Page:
In case you were asleep this week, let me recap the NCAA sanctions against Penn State:
The NCAA imposed a $60 million fine, a four-year bowl ban, a reduction of annual scholarships and a five-year probationary period. Many fans and supporters were left agog on Monday when the NCAA released its most far-reaching punishment to date. Bottom line, Penn State avoided death penalty of suspended play.
But by far the most controversial sanction was to vacate all Penn State’s wins from 1998 to 2011.
The general consensus is that the NCAA is trying to erase Paterno as the winningest coach in college football.
But that’s cowardly. For one, Paterno is the winningest coach, regardless of his actions.
No one defends his actions, but ignoring the past does nothing to correct the current environment. By erasing the record, the NCAA is trying to sweep the scandal under the rug. Out of sight, out of mind.
That’s a mistake. Paterno’s legacy would have a greater impact if his record was left standing. There is no better lesson than one of the best college football coaches sacrificing his values for victories.
Paterno’s record could serve as permanent reminder and deterrent against football zealotry for generations to come.
The NCAA’s logic has more holes.
Many fans wonder if the NCAA has any authority to weigh in on the controversy, considering that the abuse cases were handled on a legal level until now. We often forget that the NCAA’s primary mission is to administer and interpret athletic rules. This scandal, albeit of epic proportions, doesn’t fall into their relevant domain. The Department of Education may be more suited to weight in on Penn State.
Kyle Shaner, the Advocate’s sports editor, pointed out that by targeting Penn State’s wins, they re-emphasize their importance. If your aim is to eliminate a culture based wholly upon winning at all costs, then why would the NCAA acknowledge their value in their sanctions. This sends a mixed message to the collegiate world.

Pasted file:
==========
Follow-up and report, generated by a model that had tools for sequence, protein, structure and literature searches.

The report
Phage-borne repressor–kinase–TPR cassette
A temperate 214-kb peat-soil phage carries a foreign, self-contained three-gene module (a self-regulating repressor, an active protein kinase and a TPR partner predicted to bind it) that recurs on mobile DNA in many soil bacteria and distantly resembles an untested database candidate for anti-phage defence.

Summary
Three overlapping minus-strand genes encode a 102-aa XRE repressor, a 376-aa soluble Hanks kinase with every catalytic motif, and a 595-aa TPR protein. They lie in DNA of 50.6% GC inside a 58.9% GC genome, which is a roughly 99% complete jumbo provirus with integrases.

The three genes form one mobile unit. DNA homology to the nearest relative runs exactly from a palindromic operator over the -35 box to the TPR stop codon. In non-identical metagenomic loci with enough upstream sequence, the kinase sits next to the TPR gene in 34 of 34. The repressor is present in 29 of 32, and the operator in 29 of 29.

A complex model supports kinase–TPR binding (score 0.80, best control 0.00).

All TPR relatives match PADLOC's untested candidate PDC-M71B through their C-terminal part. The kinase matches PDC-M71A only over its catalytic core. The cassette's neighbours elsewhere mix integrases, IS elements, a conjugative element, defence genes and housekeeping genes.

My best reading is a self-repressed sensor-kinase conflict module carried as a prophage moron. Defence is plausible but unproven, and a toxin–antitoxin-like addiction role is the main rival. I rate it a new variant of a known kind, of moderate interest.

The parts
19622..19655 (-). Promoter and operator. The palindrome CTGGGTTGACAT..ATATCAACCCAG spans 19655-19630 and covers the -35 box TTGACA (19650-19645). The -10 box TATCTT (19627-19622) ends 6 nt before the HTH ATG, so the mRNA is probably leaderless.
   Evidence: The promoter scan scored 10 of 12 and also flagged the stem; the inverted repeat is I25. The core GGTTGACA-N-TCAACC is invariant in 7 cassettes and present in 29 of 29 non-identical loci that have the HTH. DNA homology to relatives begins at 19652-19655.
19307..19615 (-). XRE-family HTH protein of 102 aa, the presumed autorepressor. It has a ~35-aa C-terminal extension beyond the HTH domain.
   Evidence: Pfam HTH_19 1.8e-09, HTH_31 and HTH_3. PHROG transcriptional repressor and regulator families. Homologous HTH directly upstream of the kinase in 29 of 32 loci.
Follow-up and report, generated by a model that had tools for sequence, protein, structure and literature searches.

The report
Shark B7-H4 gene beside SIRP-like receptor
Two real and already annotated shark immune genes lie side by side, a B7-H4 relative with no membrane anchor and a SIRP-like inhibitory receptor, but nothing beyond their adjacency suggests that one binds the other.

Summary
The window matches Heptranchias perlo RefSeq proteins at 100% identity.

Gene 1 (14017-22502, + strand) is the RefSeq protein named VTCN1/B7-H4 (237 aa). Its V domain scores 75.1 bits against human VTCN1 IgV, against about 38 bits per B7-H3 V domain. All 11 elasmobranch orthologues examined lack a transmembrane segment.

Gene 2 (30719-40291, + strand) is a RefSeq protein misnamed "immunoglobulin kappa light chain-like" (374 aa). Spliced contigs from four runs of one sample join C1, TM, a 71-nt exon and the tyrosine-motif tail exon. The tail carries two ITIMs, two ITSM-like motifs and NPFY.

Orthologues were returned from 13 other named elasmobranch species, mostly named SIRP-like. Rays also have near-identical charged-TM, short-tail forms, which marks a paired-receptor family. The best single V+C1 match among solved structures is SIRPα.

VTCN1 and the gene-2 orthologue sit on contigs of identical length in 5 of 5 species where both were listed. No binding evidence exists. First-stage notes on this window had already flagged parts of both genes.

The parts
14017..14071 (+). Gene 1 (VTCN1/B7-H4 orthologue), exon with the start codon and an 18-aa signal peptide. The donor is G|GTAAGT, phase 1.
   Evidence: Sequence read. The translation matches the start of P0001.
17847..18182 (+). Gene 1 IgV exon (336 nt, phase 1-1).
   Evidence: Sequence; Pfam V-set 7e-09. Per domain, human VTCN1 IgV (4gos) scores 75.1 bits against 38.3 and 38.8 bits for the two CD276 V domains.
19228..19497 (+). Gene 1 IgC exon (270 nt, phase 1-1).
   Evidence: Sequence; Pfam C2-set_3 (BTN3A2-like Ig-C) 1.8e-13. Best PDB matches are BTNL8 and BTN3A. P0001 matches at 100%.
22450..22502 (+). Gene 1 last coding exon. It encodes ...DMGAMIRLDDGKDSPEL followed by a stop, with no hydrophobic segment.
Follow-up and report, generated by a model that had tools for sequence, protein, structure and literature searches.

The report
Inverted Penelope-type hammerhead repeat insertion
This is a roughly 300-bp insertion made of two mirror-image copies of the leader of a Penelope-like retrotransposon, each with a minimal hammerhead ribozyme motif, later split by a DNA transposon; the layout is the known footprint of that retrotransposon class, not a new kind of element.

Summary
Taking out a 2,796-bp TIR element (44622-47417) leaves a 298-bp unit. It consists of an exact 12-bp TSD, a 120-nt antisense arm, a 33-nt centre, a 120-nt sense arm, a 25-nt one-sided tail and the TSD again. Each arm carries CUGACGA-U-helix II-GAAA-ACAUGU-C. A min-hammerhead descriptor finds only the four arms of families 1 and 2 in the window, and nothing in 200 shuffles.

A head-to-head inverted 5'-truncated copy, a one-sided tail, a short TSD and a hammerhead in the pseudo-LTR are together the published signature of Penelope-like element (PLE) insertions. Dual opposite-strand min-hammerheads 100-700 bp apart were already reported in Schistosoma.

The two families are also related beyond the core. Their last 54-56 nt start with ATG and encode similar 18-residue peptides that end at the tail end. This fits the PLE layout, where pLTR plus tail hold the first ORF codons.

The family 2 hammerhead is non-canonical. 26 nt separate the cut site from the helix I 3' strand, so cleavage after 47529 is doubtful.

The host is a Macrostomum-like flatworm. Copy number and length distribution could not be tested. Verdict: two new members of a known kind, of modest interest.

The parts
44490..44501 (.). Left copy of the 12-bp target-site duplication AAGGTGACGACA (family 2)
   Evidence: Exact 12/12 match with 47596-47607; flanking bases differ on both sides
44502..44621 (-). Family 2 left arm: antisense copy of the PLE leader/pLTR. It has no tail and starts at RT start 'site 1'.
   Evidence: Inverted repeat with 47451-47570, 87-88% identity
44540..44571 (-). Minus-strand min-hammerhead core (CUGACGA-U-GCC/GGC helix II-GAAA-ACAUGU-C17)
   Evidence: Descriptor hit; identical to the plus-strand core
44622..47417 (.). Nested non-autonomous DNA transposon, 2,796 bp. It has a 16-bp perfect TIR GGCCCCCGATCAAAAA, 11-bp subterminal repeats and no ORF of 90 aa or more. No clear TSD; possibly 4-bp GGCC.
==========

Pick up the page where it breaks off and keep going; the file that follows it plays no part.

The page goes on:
Besides, Penn State didn’t violate any NCAA rules during the 1998-2011 period. This sets a precedent that allows the NCAA to intervene to adjust team records as they see fit.
And dishing out sanctions won’t cause Florida or Ohio State to drop what they’re doing and say, “Hey guys, time to make a change.” It’s just not going to happen that easily.
So what can curb the frenzied sports culture?
Money caps on coaches and administrators and a suspension of all play. When you take away pay-scale based on performance, all you have left is your love of the game. The true athletes, as long as their pay is fair, will stick around for the long game.
And finally, some argue that when this appalling behavior has penetrated the highest levels of collegiate football, it’s time to take a break. Suspending play, aka the death penalty, might be the only way for a college to reassess its culture. But would the treatment kill the patient?
But regardless of your opinion, because of the Penn State scandal there has been no better time to discuss the current state of collegiate athletics and make changes.
I do wish that Joe Paterno’s record stood, however. If only to continue to think about who Joe-Pa really was and what he represented for college football.
Ryan Carpe is a sports writer for the Daily Advocate. He can be reached at firstname.lastname@example.org.